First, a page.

The future of the automotive industry and cars will be starkly different from today. In ways, we cannot even imagine right now. Without an engine and powered by noiseless electricity, advanced levels of autonomous technologies mean it may not even have a driver. Added to that high-tech connected features would turn a car into a virtual office or a living room. This in turn would throw up billions of gigabytes of data that could be more valuable to a manufacturer than the car itself. Data, after all, is widely recognized as the new oil.
“There is no car manufacturer on the planet today that doesn’t realize the potential of digitalization and connectivity in relation to their products. Those that don’t will disappear very soon,” says Ivo Ivanov, CEO, DE-CIX global. “Companies like Daimler Mercedes Benz, Porsche, or MAN (the truck manufacturer), have already taken the initiative and connected to platforms like DE-CIX like ours, for better infrastructure, internet, and cloud connectivity needs. It is very important for a car manufacturer to control the data journey because without that they will not be able to monetize or utilize it properly. There are four components to it–performance, security, flexibility, and compliance. Without control, they will not be able to manage these four crucial elements which is critical if they want to be a stakeholder in this trillion-dollar business opportunity.”
Ivanov’s DE-CIX is one of the companies that are helping automakers adapt and become more like software firms of the future. DE-CIX’s DirectCLOUD service provides secure high-performance access to more than 50 cloud providers. It is a private direct connection that bypasses the internet (important for markets like India) minimizing downtime and guaranteeing the continuous connection to the chosen cloud service providers. Ivanov stresses the need for zero-latency as a key performance aspect in the future.
“Infrastructure remains fundamental for digital performance. If the latency is too high or the security of the connection is not a given, the best software would not help. This is why I say latency is the new currency, every single millisecond counts. This is valid for the connected and digital cars today and even more in the future,” he says. “Especially in luxury cars, where the customer has paid a substantial amount and the infotainment system doesn’t work properly, and for instance, a team’s call cannot be done because the video or audio doesn’t work properly, he will not think it is a problem with Microsoft. He will think Mercedes, BMW or Ford, have not built that car properly. So it’s about reputation and about differentiation on the market and getting a competitive advantage. The consumer of the future will pay more attention to the digital performance of a car more than the engine performance. Therefore, using interconnection infrastructure directly as automotive companies start to connect to platforms like ours, and get involved in their own setups in data centers around the globe, will be crucial for the end-user experience and the performance of the digital car.”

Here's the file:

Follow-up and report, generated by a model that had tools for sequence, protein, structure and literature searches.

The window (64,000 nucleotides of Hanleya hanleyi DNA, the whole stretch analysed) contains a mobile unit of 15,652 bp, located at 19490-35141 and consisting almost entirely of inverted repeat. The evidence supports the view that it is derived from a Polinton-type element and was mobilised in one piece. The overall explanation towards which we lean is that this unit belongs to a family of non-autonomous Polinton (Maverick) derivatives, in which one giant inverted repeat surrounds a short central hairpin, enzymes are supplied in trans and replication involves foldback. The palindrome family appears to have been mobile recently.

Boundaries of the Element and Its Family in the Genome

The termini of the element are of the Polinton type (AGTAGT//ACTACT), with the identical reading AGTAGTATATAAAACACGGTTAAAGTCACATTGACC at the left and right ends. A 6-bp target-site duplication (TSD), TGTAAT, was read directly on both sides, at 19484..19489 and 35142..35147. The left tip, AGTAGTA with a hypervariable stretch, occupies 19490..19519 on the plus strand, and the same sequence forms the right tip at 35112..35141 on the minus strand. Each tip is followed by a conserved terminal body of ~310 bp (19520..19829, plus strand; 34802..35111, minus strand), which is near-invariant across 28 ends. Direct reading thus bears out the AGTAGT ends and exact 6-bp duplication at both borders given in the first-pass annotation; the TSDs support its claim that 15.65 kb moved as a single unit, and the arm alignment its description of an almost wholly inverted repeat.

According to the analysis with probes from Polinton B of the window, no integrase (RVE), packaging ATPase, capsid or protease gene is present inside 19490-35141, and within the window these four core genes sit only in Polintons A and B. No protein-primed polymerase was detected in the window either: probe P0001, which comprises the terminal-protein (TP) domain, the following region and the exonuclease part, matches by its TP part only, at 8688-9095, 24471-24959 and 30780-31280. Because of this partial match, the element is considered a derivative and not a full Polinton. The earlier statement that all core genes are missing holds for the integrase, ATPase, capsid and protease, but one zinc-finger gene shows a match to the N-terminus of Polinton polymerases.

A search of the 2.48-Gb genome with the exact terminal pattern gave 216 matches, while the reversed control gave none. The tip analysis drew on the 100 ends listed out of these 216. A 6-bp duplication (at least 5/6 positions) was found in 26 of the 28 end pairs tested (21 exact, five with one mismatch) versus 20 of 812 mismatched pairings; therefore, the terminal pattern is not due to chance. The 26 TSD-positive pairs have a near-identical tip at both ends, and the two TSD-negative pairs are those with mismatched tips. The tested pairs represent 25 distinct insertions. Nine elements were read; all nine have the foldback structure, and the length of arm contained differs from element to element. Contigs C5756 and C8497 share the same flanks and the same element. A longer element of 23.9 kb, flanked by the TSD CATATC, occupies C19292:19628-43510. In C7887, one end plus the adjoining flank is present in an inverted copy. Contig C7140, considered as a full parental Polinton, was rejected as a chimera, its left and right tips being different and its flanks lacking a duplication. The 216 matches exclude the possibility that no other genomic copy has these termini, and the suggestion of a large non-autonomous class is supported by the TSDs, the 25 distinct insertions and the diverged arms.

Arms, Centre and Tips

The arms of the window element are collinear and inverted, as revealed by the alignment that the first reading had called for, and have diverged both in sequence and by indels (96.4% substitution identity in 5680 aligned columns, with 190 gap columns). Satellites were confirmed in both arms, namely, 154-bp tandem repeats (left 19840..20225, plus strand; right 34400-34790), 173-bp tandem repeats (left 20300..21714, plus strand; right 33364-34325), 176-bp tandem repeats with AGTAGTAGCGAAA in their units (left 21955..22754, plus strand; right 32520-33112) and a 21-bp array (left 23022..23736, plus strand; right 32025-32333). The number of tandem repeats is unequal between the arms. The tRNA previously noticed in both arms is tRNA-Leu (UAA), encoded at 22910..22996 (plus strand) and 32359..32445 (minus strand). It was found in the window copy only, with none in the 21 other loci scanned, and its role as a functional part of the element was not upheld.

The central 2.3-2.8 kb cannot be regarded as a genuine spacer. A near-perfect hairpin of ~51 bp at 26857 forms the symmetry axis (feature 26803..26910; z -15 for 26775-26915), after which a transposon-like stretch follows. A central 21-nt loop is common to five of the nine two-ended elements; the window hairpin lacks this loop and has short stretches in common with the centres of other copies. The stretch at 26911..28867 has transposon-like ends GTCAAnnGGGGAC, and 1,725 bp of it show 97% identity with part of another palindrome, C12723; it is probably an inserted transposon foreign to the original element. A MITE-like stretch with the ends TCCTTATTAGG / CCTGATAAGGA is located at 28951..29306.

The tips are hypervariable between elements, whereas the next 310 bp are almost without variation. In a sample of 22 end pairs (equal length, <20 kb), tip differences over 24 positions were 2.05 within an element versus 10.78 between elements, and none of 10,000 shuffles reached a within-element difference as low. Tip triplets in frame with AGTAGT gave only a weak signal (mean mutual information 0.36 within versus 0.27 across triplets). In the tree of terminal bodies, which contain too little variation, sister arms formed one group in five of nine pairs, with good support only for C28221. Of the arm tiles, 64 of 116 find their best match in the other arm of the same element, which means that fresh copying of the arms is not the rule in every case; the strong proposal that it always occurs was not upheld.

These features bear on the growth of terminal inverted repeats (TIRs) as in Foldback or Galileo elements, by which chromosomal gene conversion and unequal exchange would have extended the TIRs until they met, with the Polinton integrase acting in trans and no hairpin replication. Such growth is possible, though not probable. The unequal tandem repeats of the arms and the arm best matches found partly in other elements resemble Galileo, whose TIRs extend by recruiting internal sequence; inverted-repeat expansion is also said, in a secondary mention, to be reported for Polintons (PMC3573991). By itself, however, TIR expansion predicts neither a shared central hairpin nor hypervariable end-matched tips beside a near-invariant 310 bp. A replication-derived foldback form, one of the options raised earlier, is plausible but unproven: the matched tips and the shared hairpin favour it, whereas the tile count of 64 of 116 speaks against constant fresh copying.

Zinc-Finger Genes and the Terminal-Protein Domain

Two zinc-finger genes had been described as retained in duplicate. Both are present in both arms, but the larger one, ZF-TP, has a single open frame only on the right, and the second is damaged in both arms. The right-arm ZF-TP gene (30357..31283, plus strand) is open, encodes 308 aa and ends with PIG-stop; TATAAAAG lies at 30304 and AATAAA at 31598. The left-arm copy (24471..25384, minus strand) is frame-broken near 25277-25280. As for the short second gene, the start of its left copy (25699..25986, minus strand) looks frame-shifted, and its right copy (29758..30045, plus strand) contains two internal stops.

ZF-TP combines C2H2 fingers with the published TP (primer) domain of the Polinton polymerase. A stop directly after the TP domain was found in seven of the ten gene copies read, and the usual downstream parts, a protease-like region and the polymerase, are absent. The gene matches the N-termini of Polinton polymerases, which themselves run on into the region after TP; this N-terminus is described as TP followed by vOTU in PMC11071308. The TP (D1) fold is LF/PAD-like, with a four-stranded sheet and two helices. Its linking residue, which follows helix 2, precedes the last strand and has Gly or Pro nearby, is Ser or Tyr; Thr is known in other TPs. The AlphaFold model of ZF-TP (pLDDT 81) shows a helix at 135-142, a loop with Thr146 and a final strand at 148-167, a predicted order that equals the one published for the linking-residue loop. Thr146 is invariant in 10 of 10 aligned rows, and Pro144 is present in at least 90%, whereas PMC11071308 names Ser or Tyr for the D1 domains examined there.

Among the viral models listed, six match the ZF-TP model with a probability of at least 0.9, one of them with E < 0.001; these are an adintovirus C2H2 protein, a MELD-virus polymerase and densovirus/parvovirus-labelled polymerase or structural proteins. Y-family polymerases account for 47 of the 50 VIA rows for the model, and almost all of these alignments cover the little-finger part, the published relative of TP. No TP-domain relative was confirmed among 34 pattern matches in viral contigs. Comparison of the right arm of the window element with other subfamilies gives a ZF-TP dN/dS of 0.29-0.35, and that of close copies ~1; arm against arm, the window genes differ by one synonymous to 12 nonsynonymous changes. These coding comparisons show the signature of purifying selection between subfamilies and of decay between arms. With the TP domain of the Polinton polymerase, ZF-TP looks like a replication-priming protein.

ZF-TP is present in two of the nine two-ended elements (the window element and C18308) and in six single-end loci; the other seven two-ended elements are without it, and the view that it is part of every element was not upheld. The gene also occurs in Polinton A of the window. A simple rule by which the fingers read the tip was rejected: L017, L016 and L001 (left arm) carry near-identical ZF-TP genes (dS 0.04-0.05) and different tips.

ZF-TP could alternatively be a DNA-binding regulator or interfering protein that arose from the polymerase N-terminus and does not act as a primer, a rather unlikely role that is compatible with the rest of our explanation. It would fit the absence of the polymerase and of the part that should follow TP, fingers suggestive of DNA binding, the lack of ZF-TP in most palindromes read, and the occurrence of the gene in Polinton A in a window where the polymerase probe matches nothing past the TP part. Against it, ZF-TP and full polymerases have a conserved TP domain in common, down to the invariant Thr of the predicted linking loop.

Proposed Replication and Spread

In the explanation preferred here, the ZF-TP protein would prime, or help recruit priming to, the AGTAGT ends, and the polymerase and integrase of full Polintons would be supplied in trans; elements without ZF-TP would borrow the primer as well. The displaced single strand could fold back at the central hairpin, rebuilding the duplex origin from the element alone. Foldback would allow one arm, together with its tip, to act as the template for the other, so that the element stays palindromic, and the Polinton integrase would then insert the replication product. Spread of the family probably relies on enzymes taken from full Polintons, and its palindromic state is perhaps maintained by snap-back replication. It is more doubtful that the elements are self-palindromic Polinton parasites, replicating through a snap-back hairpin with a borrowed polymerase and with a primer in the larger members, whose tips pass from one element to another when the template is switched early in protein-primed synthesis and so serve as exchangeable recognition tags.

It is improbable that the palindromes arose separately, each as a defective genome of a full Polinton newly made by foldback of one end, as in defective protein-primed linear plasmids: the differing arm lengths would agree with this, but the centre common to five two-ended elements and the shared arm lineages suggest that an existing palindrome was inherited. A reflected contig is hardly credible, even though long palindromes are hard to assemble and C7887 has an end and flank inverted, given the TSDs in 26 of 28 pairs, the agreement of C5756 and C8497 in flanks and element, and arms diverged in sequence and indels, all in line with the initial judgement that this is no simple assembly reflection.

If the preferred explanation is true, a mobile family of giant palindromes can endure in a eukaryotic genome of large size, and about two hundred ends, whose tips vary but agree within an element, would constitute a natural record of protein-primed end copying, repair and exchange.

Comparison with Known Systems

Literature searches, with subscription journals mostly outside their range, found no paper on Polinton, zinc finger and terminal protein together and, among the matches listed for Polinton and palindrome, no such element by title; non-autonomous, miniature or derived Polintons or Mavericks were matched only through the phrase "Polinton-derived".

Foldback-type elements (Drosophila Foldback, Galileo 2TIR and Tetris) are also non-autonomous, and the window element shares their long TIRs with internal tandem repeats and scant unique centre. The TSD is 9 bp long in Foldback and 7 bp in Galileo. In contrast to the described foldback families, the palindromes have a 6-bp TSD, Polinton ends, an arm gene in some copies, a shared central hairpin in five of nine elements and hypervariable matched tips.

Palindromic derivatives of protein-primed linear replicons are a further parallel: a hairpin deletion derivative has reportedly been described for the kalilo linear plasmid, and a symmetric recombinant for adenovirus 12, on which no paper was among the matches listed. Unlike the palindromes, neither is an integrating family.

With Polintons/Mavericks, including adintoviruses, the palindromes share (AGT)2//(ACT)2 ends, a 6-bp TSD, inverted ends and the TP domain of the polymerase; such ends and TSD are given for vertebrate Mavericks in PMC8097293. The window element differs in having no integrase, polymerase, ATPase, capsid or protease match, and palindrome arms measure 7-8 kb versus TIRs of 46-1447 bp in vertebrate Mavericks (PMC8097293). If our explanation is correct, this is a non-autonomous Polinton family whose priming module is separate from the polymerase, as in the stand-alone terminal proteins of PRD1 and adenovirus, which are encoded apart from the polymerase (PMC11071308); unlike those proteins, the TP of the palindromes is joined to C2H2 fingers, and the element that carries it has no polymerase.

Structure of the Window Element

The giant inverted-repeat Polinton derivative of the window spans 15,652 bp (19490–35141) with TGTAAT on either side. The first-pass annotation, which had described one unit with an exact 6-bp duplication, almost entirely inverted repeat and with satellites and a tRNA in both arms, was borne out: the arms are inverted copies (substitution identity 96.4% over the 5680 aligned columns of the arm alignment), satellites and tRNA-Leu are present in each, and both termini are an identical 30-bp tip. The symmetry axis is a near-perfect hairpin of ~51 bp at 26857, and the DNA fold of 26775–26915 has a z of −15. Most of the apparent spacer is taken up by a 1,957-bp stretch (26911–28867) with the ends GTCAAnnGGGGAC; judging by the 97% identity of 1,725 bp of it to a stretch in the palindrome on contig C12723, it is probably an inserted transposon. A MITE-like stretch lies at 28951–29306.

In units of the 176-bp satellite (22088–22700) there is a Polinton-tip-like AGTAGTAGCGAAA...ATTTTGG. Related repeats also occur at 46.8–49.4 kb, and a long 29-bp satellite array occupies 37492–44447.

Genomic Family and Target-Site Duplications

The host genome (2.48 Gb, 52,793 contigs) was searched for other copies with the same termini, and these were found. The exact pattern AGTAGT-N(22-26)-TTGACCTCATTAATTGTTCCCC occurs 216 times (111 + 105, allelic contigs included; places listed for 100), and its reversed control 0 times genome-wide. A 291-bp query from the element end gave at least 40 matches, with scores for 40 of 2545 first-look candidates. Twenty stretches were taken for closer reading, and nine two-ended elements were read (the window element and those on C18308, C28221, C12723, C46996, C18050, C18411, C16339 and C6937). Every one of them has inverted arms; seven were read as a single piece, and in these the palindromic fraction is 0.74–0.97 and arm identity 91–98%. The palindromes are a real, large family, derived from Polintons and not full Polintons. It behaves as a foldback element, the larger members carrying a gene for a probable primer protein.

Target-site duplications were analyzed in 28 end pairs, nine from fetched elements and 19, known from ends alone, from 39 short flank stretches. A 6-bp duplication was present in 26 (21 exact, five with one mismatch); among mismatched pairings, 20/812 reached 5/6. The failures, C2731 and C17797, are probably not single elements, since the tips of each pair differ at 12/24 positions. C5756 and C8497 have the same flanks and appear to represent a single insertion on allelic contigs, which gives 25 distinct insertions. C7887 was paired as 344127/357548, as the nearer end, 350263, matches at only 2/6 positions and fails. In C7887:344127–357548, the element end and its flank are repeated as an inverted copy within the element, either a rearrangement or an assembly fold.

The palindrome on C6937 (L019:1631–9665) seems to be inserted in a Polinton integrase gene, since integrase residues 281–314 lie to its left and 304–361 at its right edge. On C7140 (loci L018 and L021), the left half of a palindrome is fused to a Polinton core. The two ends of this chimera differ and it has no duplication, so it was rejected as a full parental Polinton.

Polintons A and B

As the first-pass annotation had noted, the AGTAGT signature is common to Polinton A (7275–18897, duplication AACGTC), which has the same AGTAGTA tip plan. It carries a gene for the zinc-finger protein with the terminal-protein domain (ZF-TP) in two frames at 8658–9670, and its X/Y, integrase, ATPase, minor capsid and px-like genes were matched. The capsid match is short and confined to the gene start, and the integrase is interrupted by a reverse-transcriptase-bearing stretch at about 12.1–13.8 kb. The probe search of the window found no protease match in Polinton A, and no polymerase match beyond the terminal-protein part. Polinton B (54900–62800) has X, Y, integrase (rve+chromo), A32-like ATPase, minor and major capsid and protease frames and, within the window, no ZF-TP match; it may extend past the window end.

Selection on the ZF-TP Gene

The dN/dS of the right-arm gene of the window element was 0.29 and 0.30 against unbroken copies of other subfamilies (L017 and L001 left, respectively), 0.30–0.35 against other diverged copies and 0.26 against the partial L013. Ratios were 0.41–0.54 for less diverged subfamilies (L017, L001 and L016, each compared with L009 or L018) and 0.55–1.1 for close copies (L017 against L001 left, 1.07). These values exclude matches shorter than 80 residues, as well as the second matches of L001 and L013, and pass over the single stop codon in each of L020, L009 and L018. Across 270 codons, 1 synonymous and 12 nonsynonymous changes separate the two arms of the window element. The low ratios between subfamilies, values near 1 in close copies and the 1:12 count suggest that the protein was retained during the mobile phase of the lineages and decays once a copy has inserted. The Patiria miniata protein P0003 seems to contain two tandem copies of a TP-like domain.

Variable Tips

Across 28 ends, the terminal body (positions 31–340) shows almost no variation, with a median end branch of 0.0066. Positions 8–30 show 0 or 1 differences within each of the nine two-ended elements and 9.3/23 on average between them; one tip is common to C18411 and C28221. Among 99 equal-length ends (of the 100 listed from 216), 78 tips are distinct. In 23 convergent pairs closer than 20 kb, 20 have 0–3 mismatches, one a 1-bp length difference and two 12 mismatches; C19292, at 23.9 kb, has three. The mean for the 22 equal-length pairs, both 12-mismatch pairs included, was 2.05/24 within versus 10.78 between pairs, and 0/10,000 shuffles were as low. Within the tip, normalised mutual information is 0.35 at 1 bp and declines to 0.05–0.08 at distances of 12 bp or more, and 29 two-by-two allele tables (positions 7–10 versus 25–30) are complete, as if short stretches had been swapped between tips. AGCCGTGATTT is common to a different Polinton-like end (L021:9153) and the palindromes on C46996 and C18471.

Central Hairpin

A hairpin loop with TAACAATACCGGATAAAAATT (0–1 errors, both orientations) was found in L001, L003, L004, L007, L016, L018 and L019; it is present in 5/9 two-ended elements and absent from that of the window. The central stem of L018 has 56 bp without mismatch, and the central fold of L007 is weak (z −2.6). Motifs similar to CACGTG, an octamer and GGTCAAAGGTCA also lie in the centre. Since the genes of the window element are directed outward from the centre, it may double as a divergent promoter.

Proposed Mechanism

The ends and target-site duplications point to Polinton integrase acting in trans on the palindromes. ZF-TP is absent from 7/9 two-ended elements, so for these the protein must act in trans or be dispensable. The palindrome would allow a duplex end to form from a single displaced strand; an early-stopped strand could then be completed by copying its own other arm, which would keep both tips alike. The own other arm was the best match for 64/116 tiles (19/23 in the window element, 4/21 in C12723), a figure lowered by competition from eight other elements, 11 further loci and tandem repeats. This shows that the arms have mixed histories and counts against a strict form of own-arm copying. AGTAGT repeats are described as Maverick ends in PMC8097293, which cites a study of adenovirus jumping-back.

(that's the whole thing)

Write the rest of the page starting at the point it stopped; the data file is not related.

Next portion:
Automotive majors vs software firms
The opportunity is massive. As the one place, people spend most of their time in a day after their home and office, and as the infotainment screen replaces the smartphone inside the vehicle, the car becomes a major source of data. According to McKinsey, the automotive revenue pool will significantly increase and diversify towards on-demand mobility services and data-driven services creating up to $1.5 trillion—or 30 percent more—in additional revenue potential by 2030. The key would be ownership of data which potentially pits major automobile companies at odds with software firms.
“We’ll definitely see competition to a certain degree, but we’ll also see partnerships. The control wars and I don’t use the word war in a negative sense, will drive innovation,” Ivanov says. “The fight will be over the ownership of the entire ecosystem which consists of the application or software layer and the physical environment in the car where the user drives and sits. Does he sit in a car and use software built by somebody else? That will be a very sensitive area of potential collaboration and/or leadership.”